In Holidays in Boxwood Terrace Jet is over the moon when his idea for the annual Boxwood Terrace Christmas Pageant is accepted – and he gets to direct the show. He casts Sean, Sydney, Mindy and Sunspot as characters in the play, and also hires Mitchell Petersen to help him find that elusive, intangible thing called Christmas Spirit. Jet keeps searching for the Spirit of Christmas, and Sean and Sydney try hard to define it for him, while Mitchell really wants to belong to the group, but can’t quite figure out know how to fit in. But then, in a heartfelt conclusion, the kids get their answer about the true meaning of Christmas Spirit.

Ready Jet Go! makes the science of space cool for the 3- to 8-year-old set with vibrant animation, action-packed adventure and high-energy music, taking young viewers on a journey into outer space, and building on their natural curiosity about science, technology and astronomy. The series also features a leading NASA astronomer – the Jet Propulsion Lab’s Dr. Amy Mainzer, the show’s science curriculum consultant who stars in its fun and informative live-action segments.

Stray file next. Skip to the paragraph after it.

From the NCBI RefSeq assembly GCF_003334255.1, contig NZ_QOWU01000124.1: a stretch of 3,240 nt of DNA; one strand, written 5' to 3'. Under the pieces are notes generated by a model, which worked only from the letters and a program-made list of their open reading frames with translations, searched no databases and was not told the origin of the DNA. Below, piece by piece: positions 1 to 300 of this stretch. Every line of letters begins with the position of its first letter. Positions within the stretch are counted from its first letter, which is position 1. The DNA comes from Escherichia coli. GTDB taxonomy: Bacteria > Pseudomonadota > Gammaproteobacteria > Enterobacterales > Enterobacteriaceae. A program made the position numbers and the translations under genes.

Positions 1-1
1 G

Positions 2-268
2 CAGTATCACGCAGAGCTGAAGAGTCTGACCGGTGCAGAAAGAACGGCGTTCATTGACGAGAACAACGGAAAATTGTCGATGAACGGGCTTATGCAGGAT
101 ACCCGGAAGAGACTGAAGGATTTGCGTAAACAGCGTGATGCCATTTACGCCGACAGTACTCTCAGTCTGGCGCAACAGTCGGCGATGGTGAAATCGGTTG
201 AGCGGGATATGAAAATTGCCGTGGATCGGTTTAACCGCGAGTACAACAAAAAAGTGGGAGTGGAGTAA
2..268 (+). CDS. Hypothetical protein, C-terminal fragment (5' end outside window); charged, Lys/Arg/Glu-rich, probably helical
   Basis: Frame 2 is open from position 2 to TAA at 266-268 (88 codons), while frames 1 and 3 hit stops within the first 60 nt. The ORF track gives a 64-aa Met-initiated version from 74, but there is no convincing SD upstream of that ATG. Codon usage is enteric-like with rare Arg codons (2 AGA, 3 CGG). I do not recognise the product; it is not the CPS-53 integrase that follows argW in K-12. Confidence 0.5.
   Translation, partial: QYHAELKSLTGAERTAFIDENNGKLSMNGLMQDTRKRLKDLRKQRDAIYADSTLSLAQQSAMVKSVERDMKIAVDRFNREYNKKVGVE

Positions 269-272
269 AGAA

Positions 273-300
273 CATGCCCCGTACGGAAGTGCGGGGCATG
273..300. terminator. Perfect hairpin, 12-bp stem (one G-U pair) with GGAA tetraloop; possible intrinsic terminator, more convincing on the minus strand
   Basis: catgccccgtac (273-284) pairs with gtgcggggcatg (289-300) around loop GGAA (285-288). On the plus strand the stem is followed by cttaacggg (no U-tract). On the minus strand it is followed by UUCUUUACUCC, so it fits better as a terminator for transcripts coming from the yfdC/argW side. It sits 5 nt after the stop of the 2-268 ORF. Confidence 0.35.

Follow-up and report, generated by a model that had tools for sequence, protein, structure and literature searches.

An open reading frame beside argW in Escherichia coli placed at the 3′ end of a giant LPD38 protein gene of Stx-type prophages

Ready Jet Go! was created by Craig Bartlett (Hey Arnold!, Dinosaur Train) and follows neighbors Sean and Sydney, who befriend the new kid on their block, Jet Propulsion, who happens to be an alien from the planet Bortron 7. Together, they explore the solar system and its effects on the science of Earth.

The 7 New TV Shows Your Children Can’t Miss This Holiday Season

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Paste
Amy Amatangelo
November 10, 2017

Why should adults have all the fun? The holiday season brings new TV series and specials for your children, too. We’ve made our list and checked it (more than) twice, and we think your children (ages 2-12) will find these TV shows very nice. Plus, if you can get them to sit in front of the TV for at least 30 minutes you might have time to address those holiday cards, wrap those presents, plan those big meals and maybe get a moment of peace. No judgment here!

Jet gets to direct the annual Boxwood Terrace Christmas pageant in this new special. Jet searches for the Christmas spirit and looks everywhere until he realizes it has been right in front of him all along. This great series, which encourages children’s curiosity about the world around them, also features NASA astronomer s Dr. Amy Mainzer in live- action segments.

‘Ready Jet Go!’ Christmas Special Launching Dec. 11

 

AWN
November 9, 2017

PBS KIDS will premiere an out-of-this-world half-hour Christmas special of the popular animated series, Dec 11 on TV, the web, video app and VOD.

‘Ready Jet Go!: Holidays in Boxwood Terrace’ will premiere on PBS KIDS, Dec. 11.